It's a matter of time that Pioneer ITI will be called Franklin Templeton. A big event to make the headline of pink newspapers. No doubt, the merged entity will be a financial powerhouse. With an asset base of Rs. 8160 crore in wide ranging funds from nearly 9 lakh investors will make the merged entity a force to reckon with in the investment marketplace.
But what does it mean for investors? The scale of the combined entity will justify investment in investor service standards to substantially enhance the customer experience in the funds. The added advantage will be the in-house back office infrastructure of Pioneer ITI. But this will take quite some time to happen in a manner that investor's realise and appreciate the difference.
For now, it only means anxiety caused by the noise around the deal and confusion for investors. Another disadvantage will be a distracted management. Merging their operations will mean series of strategic decisions, regulatory issues besides people issues. Following is a view on the shape of things and challenges ahead.
Equity Funds: Together they will offer a long menu of equity funds 14 open-end funds of diverse flavour besides 5 closed-end tax savers of Pioneer ITI. Together, pure equity assets under management will be Rs. 1474 crore. This includes style based -- value and growth funds, capitalisation based – large mid and small cap funds, sector, index and tax saving funds. The only overlap is the Nifty tracker of both AMCs, which can be merged. Another regulatory glitch, but manageable one will be the two tax saving funds in one AMC. Regulations do not permit two open-end ELSS schemes from one AMC.
Hybrid Funds: The lineup is broad though not as much as the assets. In all 8 funds and Rs. 300 crore. Besides a balanced fund and MIP of both AMC, Pioneer ITI also brings – Pension Plan, a child plan, and two new funds – PE Ratio Fund and Asset Allocation Plans. But there could be issues to resolve. Franklin Templeton manages its dividend and growth plans of Balanced Fund and MIP differently, while those of Pioneer ITI are pooled together. Hence, the merger of MIP and balanced will be complex. It will be difficult to choose from dozen hybrid funds of an AMC.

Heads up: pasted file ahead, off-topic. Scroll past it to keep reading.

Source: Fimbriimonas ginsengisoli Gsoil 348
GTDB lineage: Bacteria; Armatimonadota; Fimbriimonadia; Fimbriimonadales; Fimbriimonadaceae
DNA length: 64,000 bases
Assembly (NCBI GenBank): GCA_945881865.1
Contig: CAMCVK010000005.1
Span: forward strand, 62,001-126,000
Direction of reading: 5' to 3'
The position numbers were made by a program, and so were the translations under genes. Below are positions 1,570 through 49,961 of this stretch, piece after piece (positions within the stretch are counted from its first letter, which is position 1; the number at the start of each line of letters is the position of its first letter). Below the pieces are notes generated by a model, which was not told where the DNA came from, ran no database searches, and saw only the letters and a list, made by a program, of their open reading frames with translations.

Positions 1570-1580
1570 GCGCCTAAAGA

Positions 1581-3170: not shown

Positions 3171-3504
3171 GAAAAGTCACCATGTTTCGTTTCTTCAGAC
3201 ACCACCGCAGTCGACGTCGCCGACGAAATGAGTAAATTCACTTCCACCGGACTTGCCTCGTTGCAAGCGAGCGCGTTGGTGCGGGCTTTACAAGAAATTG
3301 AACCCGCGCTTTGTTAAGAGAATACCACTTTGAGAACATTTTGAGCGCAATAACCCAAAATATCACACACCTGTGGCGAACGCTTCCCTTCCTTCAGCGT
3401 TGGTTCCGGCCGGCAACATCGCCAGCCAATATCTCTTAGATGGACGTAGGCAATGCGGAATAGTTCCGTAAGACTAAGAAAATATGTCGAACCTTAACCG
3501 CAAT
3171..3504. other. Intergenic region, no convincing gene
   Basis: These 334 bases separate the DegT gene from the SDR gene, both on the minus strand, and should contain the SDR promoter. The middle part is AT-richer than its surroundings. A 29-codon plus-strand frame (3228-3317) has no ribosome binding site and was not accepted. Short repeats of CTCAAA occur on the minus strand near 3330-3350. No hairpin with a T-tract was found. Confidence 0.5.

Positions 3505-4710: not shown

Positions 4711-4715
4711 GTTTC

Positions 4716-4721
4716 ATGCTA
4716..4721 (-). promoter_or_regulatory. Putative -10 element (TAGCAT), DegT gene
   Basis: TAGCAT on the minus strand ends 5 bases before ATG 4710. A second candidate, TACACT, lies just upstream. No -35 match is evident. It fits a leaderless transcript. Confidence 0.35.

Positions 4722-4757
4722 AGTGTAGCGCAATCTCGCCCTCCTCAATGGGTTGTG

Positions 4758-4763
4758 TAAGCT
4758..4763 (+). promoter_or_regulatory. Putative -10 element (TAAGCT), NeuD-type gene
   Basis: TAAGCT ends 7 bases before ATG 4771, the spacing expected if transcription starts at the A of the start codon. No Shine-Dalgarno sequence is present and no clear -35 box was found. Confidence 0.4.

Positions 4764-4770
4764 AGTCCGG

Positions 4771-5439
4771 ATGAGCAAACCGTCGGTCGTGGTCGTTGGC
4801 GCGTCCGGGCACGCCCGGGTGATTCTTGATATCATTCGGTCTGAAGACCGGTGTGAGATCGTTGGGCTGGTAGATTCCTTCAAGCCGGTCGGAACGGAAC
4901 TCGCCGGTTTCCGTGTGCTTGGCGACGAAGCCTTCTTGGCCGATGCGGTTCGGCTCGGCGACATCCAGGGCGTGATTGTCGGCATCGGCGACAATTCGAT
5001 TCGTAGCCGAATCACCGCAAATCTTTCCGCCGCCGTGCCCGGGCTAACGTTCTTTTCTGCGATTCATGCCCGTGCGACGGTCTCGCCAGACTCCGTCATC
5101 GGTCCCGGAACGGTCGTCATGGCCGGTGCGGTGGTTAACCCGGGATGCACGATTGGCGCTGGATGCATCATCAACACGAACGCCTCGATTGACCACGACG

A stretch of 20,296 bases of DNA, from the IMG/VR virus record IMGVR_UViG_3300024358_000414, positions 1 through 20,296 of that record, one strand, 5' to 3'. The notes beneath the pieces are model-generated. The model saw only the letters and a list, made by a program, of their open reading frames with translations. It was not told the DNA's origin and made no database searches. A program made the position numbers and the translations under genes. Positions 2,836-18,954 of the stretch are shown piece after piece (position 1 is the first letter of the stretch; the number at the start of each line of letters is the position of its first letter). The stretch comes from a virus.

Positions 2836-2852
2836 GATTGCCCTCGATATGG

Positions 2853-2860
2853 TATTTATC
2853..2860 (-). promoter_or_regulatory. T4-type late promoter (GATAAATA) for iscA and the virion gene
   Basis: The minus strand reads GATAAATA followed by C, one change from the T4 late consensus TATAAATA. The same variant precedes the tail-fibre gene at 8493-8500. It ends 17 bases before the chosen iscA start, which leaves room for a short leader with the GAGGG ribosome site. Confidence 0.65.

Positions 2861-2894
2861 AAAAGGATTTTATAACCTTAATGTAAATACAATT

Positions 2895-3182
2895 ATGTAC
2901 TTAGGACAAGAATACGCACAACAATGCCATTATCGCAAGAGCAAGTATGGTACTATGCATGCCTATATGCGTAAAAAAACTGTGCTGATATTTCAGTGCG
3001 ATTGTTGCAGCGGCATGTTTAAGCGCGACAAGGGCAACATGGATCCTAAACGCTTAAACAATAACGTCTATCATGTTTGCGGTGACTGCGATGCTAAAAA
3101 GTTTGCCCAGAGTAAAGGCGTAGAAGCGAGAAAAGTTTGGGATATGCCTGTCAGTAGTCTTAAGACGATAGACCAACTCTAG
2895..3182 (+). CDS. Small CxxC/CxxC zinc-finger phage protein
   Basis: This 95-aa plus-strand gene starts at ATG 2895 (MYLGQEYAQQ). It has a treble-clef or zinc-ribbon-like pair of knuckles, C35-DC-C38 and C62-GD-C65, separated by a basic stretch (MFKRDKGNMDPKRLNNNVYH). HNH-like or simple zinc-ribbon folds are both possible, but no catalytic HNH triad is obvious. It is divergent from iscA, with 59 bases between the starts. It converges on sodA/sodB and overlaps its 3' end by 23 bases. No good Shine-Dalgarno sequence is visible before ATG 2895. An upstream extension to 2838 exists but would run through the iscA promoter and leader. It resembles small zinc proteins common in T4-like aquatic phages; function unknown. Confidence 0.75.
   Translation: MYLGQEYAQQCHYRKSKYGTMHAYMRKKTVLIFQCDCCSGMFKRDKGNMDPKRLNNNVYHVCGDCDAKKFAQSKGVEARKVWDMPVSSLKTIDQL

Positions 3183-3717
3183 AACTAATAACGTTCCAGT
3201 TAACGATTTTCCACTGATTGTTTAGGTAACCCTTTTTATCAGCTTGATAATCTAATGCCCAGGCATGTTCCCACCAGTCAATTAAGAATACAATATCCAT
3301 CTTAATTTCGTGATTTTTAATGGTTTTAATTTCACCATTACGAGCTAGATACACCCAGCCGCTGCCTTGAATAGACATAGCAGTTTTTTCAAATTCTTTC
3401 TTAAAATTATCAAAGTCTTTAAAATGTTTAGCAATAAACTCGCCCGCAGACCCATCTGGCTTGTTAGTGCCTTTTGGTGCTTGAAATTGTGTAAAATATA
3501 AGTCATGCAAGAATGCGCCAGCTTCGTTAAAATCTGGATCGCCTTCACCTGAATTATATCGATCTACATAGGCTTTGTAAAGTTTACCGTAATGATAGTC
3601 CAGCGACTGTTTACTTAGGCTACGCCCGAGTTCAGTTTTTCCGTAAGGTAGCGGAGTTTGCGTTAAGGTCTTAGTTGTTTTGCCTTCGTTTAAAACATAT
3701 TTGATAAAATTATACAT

Bond Funds: Together the family will be strong with bond funds as well, with Rs. 4878 crore in fixed income funds and a range of novelty. The floating rate funds, a money market fund and a cash fund exclusive for American Express customers. But this segment of fund will also confuse investors with identical funds. And managing fund overlaps here will be a challenge. Though the flagship bond funds of the two AMCs are aggressively managed and yielded identical returns in recent years. And if the two funds are merged, it will become the largest Indian Bond Fund, with Rs 3345 crore assets under management. The economies of scale and fund stability could also mean lower expenses and enhanced returns, which will perhaps be the only tangible gain to investors. Similarly, the range of gilt funds of both the AMCs will have to be merged and is an easy task as Pioneer ITI funds are new and small.
The combined entity will be a good bunch of smart fund managers with solid track record. But this acquisition also means that you have to keep track of changes in the fund's style, strategies and fund manager changes. If you invested in a fund buying the manager's argument, such a change gains more importance. A discomforting change should prompt you to evaluate your investment in the fund.
Moral of the Story:
Let's see if big will be beautiful too. For investors, the acquisition isn't more than noticeable news. It should not prompt you to act. You will be better off being the old fashioned way -- guided by your financial goals than market noise. And being alert will surely help.